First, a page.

“The longer you work at creating things the greater the odds you’ll eventually have a day where you don’t feel like doing it anymore.” “It takes effort to keep going when feeling unmotivated, but that’s the difference between commitment to a craft and a fantasy.” I realized that surrounding yourself with friends and mentors that are nurturing, laughing at yourself, and create more situations that bring me joy can help reduce creative burnout and help me stay motivated. Yes, sometimes I forget to have fun and this advice is common sense. But, sometimes common sense is uncommon.
I highly recommend “The Dance of The Possible” to anyone who wants to follow a pragmatic guide to make something. This is a terrific hands-on guide that will help you stay committed to your craft.
It's not uncommon that when we finish a book, we feel something lacking. Sometimes it's because it starts strong and wears out at the end (like most bestsellers); sometimes because it facilitates thoughts beyond the scope (philosophy or mathematics); other times because it's inspiring enough to provoke thought, but not practical enough to provoke action (positive psychology).
Scott Berkun's The Dance of the Possible (DoP) goes farther and beyond. It’s one of the most satisfying, convincing, and actionable initiators on creativity.
1. It’s Satisfying
Many bestsellers are actually best-fillers, inflating one chapter (or less) worth of materials to a dozen-chapter balloon, which eventually shrinks to the bare and bald.
Scott’s book is bestseller-worthy with no compromises. With his characteristic fluency and just-enough humor, Scott’s book is dense with insights, to-the-point with examples, and is intentionally kept concise for the most impatient. There’s no reason you can’t or shouldn’t read it.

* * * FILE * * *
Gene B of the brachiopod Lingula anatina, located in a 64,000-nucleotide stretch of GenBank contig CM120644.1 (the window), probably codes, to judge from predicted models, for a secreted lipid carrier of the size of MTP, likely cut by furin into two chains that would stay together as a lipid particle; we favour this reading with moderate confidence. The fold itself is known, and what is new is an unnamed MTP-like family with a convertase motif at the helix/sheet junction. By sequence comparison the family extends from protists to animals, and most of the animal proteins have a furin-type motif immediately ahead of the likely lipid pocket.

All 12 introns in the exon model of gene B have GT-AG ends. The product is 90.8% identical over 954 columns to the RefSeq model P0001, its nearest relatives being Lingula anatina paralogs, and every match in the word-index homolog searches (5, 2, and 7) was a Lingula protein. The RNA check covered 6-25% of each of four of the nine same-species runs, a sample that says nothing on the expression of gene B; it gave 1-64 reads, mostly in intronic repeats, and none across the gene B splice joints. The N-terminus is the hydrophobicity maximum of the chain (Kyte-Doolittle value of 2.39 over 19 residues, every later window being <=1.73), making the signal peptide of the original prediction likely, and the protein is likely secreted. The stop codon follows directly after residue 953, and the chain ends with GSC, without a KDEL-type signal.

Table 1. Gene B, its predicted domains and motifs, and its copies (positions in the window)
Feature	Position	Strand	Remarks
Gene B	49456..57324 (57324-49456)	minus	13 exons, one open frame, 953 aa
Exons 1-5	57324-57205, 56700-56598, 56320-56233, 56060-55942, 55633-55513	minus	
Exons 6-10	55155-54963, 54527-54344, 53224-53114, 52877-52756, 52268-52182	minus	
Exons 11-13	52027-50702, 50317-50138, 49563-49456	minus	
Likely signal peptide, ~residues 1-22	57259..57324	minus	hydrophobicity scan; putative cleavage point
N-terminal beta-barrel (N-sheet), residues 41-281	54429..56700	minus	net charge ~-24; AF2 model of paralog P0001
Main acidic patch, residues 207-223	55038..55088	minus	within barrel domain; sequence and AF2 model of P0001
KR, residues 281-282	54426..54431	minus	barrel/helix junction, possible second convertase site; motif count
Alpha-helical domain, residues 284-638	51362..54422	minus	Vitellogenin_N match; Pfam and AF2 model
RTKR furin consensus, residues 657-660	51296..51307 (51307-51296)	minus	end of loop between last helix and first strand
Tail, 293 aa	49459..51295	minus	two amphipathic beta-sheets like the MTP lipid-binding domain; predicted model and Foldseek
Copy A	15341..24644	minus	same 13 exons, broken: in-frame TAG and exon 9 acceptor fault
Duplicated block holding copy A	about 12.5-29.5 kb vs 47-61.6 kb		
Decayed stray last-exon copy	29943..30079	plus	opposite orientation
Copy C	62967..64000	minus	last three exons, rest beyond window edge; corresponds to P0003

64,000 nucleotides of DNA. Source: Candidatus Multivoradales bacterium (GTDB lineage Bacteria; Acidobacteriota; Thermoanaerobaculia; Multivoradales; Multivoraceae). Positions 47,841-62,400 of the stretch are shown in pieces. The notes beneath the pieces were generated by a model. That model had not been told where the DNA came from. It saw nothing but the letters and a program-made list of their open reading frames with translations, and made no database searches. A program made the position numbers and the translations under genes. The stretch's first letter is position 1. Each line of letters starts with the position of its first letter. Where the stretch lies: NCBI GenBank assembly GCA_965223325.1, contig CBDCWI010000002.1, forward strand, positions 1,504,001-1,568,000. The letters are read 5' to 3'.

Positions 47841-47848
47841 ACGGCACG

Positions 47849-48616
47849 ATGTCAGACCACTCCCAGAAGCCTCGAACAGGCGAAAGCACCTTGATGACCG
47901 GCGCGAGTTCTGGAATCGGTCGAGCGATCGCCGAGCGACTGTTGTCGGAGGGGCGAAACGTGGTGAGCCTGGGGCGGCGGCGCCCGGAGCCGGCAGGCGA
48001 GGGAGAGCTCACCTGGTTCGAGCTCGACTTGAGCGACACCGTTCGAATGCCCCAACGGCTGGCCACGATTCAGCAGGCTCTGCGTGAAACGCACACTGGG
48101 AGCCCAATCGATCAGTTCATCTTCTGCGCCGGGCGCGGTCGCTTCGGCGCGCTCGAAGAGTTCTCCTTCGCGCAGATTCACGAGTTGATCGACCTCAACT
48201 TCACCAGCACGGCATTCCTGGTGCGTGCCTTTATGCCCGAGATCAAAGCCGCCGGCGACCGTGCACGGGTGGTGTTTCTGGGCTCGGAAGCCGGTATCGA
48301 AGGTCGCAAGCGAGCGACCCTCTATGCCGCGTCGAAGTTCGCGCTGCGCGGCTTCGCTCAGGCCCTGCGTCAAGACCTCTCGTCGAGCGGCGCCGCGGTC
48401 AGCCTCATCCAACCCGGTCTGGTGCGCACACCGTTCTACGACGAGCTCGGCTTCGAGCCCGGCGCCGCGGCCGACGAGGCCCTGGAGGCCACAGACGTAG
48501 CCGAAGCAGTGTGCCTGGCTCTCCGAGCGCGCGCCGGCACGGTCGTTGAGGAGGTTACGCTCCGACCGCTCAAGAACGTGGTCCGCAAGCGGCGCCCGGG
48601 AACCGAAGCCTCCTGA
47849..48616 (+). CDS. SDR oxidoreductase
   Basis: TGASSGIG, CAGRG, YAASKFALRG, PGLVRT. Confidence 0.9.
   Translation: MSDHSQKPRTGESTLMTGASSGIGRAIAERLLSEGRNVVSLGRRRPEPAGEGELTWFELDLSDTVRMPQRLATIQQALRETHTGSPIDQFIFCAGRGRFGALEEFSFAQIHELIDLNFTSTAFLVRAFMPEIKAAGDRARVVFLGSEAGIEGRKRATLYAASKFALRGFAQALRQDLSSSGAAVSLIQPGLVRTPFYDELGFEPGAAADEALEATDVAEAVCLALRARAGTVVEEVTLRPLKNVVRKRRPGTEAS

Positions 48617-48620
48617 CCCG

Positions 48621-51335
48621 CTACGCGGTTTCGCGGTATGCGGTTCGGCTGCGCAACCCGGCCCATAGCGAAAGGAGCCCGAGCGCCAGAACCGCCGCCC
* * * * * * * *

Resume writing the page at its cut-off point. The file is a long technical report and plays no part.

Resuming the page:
2. It’s Convincing
Over the years I’ve also, just like the author, read quite some books on the topic of creativity. Blended with my own experiences and lessons, many of the books’ major points are resonant and are often finer and summarized better. Only solid research leads to sound reasoning, which is evident in the book.
Misconceptions, myths, and blindspots about creativity are all well addressed, barely leaving any space for further doubt. The author does a great job in anticipating and answering your questions along the way. Major concerns are usually addressed on-location, in a logical, practical manner.
You end up connecting all the fuzzy dots in your own experiences and reasoning about the topic, and, along with the author’s, shape a far better understanding and opinion. It’s not magical. It's just incredibly intelligent.
3. It’s Actionable and Inspiring
The understanding, the steps, and the encouragement are all right in the book. You can easily see yourself doing all the things suggested, with most of your skeptical or anxious questions about taking action answered.
This should be your first book on creativity, and hopefully the last (because it’s just so action-provoking).
Eventually, there's no magic at all when it comes to creativity. It's always in the details. And attending to the details of the mind and the action requires a higher calling, established by intelligence, curated by will, and implemented by habitual commitment.
Scott's book guides you to that calling. And the rest is, well, not easy, but finally in sight, probable, and most importantly, approachable.